That's what President Trump says companies offer when they complain about the economic pain caused by his trade wars.
"Badly run and weak companies are smartly blaming these small Tariffs instead of themselves for bad management … and who can really blame them for doing that? Excuses!" Trump tweeted Friday.
He elaborated on this critique during a subsequent interview with reporters.
"A lot of badly run companies are trying to blame tariffs," he said. "In other words, if they're running badly and they're having a bad quarter, or if they're just unlucky in some way, they're trying to blame the tariffs. It's not the tariffs. It's called 'bad management.'"
On the one hand, Trump is a pretty credible source here: He does know a lot about bad management and excuses. So maybe we should believe him when he scapegoats corporations for not being able to manage the costs of his trade wars. In the president's thinking, if a company can't hack it when faced with a sudden, unexpected, government-imposed cost or other erratic policy changes, it simply doesn't deserve to stay in business.
Besides tax cuts, the main way that Trump has supposedly unlocked the economy's great potential and put us on the path to 3% (or 4%, or even 6%!) growth is by reducing the government-imposed cost of doing business and providing more regulatory certainty.
Trump surrogates often outright lie about what his tax cuts did and whom they targeted. On the deregulation point, though, they typically avoid any specifics altogether. And they're rarely asked follow-up questions about which onerous, job-killing government regulations they're thinking of when they brag about how Trump has so wisely rolled them back.
Which is lucky for them. Because if you actually look over Trump's regulatory rollbacks, it's difficult to pinpoint which, if any, of them is supposedly unleashing all that (imaginary) growth.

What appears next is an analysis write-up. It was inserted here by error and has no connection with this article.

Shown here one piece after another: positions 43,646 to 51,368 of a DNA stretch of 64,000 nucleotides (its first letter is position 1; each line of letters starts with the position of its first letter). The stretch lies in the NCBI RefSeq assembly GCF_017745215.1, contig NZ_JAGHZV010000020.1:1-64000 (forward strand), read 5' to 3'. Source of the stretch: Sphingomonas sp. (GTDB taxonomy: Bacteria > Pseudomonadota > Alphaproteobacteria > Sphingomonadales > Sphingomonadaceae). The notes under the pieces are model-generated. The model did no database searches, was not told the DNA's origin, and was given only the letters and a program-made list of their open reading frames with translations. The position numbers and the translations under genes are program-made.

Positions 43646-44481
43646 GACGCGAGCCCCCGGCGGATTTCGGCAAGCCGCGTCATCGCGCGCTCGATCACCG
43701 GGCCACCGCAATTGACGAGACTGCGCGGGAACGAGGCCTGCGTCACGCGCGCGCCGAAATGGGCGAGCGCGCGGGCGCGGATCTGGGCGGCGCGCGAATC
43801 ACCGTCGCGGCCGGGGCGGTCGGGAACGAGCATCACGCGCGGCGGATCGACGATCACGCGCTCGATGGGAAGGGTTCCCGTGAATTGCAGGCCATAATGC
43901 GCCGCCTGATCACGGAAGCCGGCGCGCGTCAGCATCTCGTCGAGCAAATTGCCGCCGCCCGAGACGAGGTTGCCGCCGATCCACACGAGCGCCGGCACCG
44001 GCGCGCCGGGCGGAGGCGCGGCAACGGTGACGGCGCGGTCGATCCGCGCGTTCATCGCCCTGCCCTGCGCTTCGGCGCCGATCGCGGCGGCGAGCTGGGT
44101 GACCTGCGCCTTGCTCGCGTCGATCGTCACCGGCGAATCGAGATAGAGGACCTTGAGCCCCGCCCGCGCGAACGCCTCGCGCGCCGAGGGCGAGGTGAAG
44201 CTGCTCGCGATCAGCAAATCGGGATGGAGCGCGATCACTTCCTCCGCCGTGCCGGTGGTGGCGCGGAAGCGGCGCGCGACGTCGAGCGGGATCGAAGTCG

Or maybe Trumpkins are instead thinking of the rescission of a requirement for for-profit schools to disclose (and maintain minimum) employment outcomes as a condition of continuing to receive federal aid.
Or maybe they mean Trump's repeal of a rule that said companies could only get lucrative government contracts upon certifying that they follow federal labor laws.
Or maybe it's the relaxation of yet another rule dictating how many hours long-haul truck drivers can go without sleeping.
So maybe Trump's comment about the interaction between burdensome government policies and "bad management" was right, after all. He was just applying it to the wrong government policies. Listen to Trump's insight, ye whiny, excuse-making businesses: If your company can stay afloat if and only if it dumps arsenic in the water, defrauds customers, cheats workers or gives kids brain damage, maybe you don't deserve to be in business after all.
Catherine Rampell's email address is email@example.com.